• If you look closely, the eye contact swings left and right. It's not too noticeable, but if the eye movement is slower or has a clear intention, extra care might be needed.
    • Noise at the Hair Boundary
      • It might not be evident in the embedded video, but there's noise every time the hair moves at the boundary.
      • As mentioned earlier, the side effect of the blending process post-face swapping seems to be causing this noise.
      • It's not too concerning, but currently, there's no workaround.

    Camera Movement

    What happens when a character appears from the edge of the screen, and the face is partially undetected?

    It's too fast to see clearly, so let's look at it frame by frame.

    As expected, when it's less than half visible, it can't be detected.

    Thinking of Countermeasures

    For cut-ins, allowing some leeway for face detection seems wise, so increasing the resolution horizontally might be a good idea.
    Although this means longer rendering times and adjusting the ratio for each cut is cumbersome...
    It seems like the only option for now.

    Camera Panning

    Here, we'll see up to what angle the face can be detected. 

    Let's also examine this closely, frame by frame.

    Unlike with camera movement, the face is detected here.
    However, there's an error-like behavior where the AI tries to apply a frontal face to the back of the head.

    Thinking of Countermeasures

    This is very difficult to avoid... A simple solution might be to use the original CG frame where the error occurs.
    If the motion is fast, it might go unnoticed, but slow turns might reveal the discrepancy.
    It might be best to avoid such shots in AI-based replacements.
    Let's hope for future improvements in accuracy.

    Camera Zoom

    Actually, this was the most unpredictable test.
    In prompt-based image generation, maintaining consistency in images where the subject size changes, despite fixed seed values or using ControlNet, is challenging.

    In the previous blog post, we successfully fixed faces using Roop.
    How about with Re Actor?

    It's successful!

    Like with a fixed camera, there's a slight tendency for the eyes to wander, but it's at an acceptable level.

    As I mentioned at the beginning, the reason why swapping faces is the most versatile is evident here.

    If we could also fix hairstyles in the same way, it would greatly enhance practicality.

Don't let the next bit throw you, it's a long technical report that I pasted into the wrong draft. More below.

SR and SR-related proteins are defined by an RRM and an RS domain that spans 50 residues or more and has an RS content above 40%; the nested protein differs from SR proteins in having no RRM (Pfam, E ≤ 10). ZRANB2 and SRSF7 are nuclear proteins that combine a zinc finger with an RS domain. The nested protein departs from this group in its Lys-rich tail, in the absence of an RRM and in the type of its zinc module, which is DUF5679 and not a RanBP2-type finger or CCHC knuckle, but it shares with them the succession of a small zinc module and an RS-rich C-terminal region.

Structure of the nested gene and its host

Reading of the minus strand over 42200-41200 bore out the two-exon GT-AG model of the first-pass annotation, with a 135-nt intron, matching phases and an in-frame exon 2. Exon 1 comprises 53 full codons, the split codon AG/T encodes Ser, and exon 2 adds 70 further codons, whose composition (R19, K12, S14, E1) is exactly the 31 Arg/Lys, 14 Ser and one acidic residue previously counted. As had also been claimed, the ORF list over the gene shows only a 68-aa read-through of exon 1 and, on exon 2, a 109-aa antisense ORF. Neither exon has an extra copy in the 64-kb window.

Other: Comparison of CG Rendering Engines

    We've been looking at AI generation against Eevee rendering. Let's finally compare with high-quality, more time-consuming Cycles rendering.


    With proper shadows, there's a significant increase in realism! 
    Even when swapping faces with AI, inheriting shadows from CG means it's good to have proper lighting and rendering.


    Let's look at the cost aspect, including generation time.

    Item Per Frame Total (90 Frames)
    AI Generation Time (Face Only) 10 seconds 15 minutes
    Rendering Time (Eevee) 1 second 90 seconds
    Rendering Time (Cycles) 10 seconds 15 minutes

    The specs of the test machine are RTX2080, 32GB memory. It's a high-end machine from a few years ago, not so much by today's standards.
    The rendering resolution is 1024px.
    Since it's not an overnight process, it seems quite feasible to try.

    For this test, we kept rendering settings quite conservative. In a production environment, Cycles would likely take more than 60 seconds per frame.

    Exploring how to reduce rendering costs, perhaps using Unreal Engine, could be interesting.


    How was it?
    Just making the face realistic, while the rest of the CG remains unchanged, seems to enhance the quality.

    The results of our verification show that current AI technology is sufficient for practical use, especially for tasks involving only face swapping.
    However, as tested, there are camera angles that AI struggles with.
    In cases where it's difficult to devise countermeasures for AI-detectable frames, it might be necessary to rethink those camera works or cuts.

    Moreover, since everything else remains CG, we need to ensure there's no incongruity in textures.
    Preparing hairstyles and ethnicities close to the target is a bit of a hassle.
    Replacing everything from clothes to hairstyles in videos with consistency seems a bit further down the road.

    AI is finally entering the era of videos.
    I hope to create rich content by combining CG and AI!

    Recommended Bookmark List

    To last...

    For those who haven't yet implemented Stable Diffusion, it's become much easier compared to the beginning of the year, though it can be overwhelming with the deluge of information.
    I'll introduce a few useful tutorials.

    AI is in wonderland offers clear, up-to-date explanations and is highly recommended!